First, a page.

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The engineers and scientists at NASA's Jet Propulsion Laboratory JPL who designed, built and flawlessly landed the Curiosity rover on Mars early Monday (Aug. 6) provide a classic example of how teamwork overcame what appeared eight years ago to be a seemingly insolvable problem: How do you slow a nearly 1-ton spacecraft descending through the thin Martian atmosphere at nearly 6 km a second (13,000 miles per hour) to less than 1 meter per second at touchdown inside a 96-mile Martian crater?"
—"Curiosity's bold engineers delivered the goods," by George Leopold, eetimes.com
"Geeks have hit pop culture," said Ken Denmead, editor and publisher of geekdad.com. "I think more than any other single event in the last five or 10 years, this (Mars landing) has put a face on science and engineering that really gets future generations excited. "People like Bobak and the whole crew on the Curiosity landing just shatter that (pocket protector) mode and that's wonderful," Denmead, a San Francisco civil engineer, said in a phone interview.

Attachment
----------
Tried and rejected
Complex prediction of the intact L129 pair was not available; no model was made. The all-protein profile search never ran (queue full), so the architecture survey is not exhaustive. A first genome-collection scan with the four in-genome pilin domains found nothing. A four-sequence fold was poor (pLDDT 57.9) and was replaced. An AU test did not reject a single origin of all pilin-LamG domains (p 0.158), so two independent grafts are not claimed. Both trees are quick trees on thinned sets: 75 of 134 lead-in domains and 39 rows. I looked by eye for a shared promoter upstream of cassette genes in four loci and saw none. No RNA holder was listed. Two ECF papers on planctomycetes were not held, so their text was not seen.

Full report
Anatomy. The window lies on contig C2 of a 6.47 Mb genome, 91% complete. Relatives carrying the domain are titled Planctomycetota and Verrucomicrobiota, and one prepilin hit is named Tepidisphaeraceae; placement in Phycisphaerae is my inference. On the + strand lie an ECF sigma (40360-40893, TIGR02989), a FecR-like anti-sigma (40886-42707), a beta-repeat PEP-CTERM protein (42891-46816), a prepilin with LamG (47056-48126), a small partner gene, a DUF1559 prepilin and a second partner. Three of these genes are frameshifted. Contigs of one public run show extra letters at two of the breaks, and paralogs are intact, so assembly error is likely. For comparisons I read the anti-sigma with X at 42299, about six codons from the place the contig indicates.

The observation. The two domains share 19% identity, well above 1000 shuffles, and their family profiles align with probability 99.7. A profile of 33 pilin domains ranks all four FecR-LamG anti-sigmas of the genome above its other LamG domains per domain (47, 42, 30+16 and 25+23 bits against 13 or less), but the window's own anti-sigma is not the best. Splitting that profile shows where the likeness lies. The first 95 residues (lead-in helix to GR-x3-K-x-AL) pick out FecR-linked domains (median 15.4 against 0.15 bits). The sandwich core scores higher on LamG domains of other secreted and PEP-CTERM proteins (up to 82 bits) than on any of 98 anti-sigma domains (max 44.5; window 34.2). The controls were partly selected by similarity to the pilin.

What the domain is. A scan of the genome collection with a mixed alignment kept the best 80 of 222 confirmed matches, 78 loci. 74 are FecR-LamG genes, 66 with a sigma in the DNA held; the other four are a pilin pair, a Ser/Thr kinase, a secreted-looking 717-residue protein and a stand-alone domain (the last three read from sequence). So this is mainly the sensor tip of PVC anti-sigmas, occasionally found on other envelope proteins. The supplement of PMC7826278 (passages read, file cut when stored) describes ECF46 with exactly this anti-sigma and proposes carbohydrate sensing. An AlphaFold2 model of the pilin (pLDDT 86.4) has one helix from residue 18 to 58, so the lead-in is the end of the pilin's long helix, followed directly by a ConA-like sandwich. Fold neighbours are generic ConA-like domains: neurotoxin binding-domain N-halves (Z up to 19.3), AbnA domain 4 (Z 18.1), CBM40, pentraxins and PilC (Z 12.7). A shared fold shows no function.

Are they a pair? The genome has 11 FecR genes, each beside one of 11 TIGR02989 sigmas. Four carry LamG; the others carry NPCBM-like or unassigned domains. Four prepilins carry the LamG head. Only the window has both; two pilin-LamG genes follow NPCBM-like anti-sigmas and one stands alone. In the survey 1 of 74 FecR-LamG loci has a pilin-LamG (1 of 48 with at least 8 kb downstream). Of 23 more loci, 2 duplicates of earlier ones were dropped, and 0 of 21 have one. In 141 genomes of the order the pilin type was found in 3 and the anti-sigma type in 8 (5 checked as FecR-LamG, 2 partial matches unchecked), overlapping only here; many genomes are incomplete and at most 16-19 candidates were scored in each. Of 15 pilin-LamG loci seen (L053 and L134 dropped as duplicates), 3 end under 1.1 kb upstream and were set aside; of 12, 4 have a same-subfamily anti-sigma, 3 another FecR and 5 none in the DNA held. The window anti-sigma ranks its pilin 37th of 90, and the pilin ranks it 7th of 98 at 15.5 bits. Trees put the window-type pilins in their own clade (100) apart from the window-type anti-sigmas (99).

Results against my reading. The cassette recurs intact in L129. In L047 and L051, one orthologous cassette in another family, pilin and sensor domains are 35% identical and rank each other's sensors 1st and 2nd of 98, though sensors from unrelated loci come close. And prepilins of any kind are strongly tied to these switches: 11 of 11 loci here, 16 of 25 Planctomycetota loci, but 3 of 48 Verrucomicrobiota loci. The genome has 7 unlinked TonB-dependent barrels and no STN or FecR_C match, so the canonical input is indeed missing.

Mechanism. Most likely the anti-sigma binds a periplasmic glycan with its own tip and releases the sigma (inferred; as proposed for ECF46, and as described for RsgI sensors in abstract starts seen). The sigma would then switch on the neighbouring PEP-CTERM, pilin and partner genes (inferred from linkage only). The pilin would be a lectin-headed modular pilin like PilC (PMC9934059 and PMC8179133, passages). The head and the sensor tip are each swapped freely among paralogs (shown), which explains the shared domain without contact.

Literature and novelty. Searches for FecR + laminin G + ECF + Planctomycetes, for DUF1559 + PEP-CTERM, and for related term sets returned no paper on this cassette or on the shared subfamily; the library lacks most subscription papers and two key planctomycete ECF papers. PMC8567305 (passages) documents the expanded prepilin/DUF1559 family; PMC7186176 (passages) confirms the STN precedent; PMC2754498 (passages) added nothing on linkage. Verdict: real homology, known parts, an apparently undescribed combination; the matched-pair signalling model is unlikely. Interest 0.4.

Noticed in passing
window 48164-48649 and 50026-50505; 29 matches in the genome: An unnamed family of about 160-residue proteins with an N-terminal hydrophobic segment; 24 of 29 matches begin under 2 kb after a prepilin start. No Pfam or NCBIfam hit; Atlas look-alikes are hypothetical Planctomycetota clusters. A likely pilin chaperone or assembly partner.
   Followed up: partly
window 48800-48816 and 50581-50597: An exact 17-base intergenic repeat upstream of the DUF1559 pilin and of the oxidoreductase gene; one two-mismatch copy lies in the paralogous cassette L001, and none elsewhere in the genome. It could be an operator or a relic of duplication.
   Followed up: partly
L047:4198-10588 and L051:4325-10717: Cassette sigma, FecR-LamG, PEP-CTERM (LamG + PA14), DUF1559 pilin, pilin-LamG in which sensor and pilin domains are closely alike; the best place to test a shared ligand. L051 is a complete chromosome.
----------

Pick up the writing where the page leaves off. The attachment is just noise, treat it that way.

—"NASA goes geek chic thanks to hipster engineers running Curiosity rover's Mars mission," Seth Borenstein and Alicia Chang, Associated Press
"I think it's engineering at its finest. What engineers do is they make the impossible possible," said former NASA chief technologist Bobby Braun. "This thing is elegant. People say it looks crazy. Each system was designed for a very specific function."
—Washington Post, August 6